Handwriting and Legacy

Praising God in Color When Surrounded With White

This time of year tends to bring a slowing down and regenerating for many of us. When living in an area engulfed in frigid air and snow, while beautiful to look at, it can also can squelch our creative mojo. Especially if you put toddlers into the mix. Being stuck indoors for days on end is enough for cabin fever to spread through the house and create more damage than the full fledge flu.

So how do we combat the natural consequence of lots of downtime for both us and the kids? We bring them into the creative process and enjoy the messy ride! I am sure you have noticed how much kids love to do things they “aren’t supposed to do”.

(Side note) For example, have you ever caught a kid trying to snatch sweets? Having as many boys as we do, we see this A LOT. My third son has been the worst, because he is a “snacker”. One night when he was around 4, I sent him to bed and prepared for a movie night. After the movie, I went upstairs to check on him. When I reached his room, he looked so cold! He was mostly out from under the covers and was slightly shivering. I gently picked up the blanket to pull over his little body, and, lo and behold, I found two containers of ice cream (half eaten) with a spoon and my cell phone were tucked under the blankets. (Now, every parent faces these situations…..the hard part is figuring out if you need to discipline said child or take a picture and laugh about it.) We chose to laugh about it and texted our whole family so they could join in the joy of childhood funnies.

Back to the art stuff….

The point is, sometimes kids need to be a little risky and do things we would prefer they do at school. But, I want to share with you how rewarding it is to bring them into our creative art process. It’s amazing what they can do when we release the reigns a bit.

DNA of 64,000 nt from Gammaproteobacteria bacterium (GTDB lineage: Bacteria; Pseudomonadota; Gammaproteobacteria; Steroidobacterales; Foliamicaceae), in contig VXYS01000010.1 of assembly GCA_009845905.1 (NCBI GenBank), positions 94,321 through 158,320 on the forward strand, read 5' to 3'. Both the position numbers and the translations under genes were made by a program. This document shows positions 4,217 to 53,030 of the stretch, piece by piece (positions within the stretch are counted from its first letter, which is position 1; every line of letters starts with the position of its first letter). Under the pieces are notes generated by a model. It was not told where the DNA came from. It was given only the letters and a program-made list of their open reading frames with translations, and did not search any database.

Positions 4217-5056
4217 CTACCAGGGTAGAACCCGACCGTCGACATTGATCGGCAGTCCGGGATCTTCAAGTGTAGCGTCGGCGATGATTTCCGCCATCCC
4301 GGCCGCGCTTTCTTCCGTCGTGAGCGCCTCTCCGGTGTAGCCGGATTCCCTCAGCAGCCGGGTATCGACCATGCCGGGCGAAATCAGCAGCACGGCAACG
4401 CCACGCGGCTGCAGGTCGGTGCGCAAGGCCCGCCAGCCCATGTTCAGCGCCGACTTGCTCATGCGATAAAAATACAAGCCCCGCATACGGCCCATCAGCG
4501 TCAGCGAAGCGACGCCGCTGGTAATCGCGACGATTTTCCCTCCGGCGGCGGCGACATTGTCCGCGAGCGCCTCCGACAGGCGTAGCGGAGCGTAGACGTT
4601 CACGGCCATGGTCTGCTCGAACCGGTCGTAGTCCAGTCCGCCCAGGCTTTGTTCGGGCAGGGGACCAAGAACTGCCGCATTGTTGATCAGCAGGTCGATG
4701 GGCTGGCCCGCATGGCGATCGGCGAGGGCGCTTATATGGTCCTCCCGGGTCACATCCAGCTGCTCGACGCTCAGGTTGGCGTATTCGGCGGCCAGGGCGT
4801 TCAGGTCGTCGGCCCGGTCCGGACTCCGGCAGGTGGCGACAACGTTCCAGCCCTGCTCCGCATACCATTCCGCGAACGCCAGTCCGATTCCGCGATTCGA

A couple easy projects that are good to fill a long day is to re-use broken crayons to create art! I have two different projects to share with you.


Melted Crayon Art on Dictionary Pages

1) First off, kids love to make personalized art. This is where the dictionary pages come into play. Have them decide on an animal or object they would like to draw, find the subject in the dictionary and rip the page out gently.

2) Show them where the word is on the page so they can draw the object near the word. This also is a great way to sneak some teaching in. For older kids, this is a fun way to demonstrate how to read a dictionary and alphabetize.

3) Take a hairdryer and warm the page, being careful not to touch the paper to the heating element. At our house, I allow the pre-school and kindergarten age kids to help with this, because they love to do big things!

4) Begin coloring on the page starting with the lighter colors and then moving to dark. Keep the hairdryer nearby blowing to keep the page warm. You will need to stagger how closely you keep the hairdryer to the page, because at this point, it can be very warm on your hands. Exercise caution! It is fun to draw with warm, melting crayons. The color is more vibrant and spreads super easily.

5) Once done, let the page cool and you are ready to add any other details, words, verses, etc…


Broken Crayon CPR

How many of you have a container full of crayons that have snapped and broken, leaving them unwanted and abandoned? It seems like we keep them around, unable to throw them out, yet no one wants to use them! So how about another time filler for those cold winter days?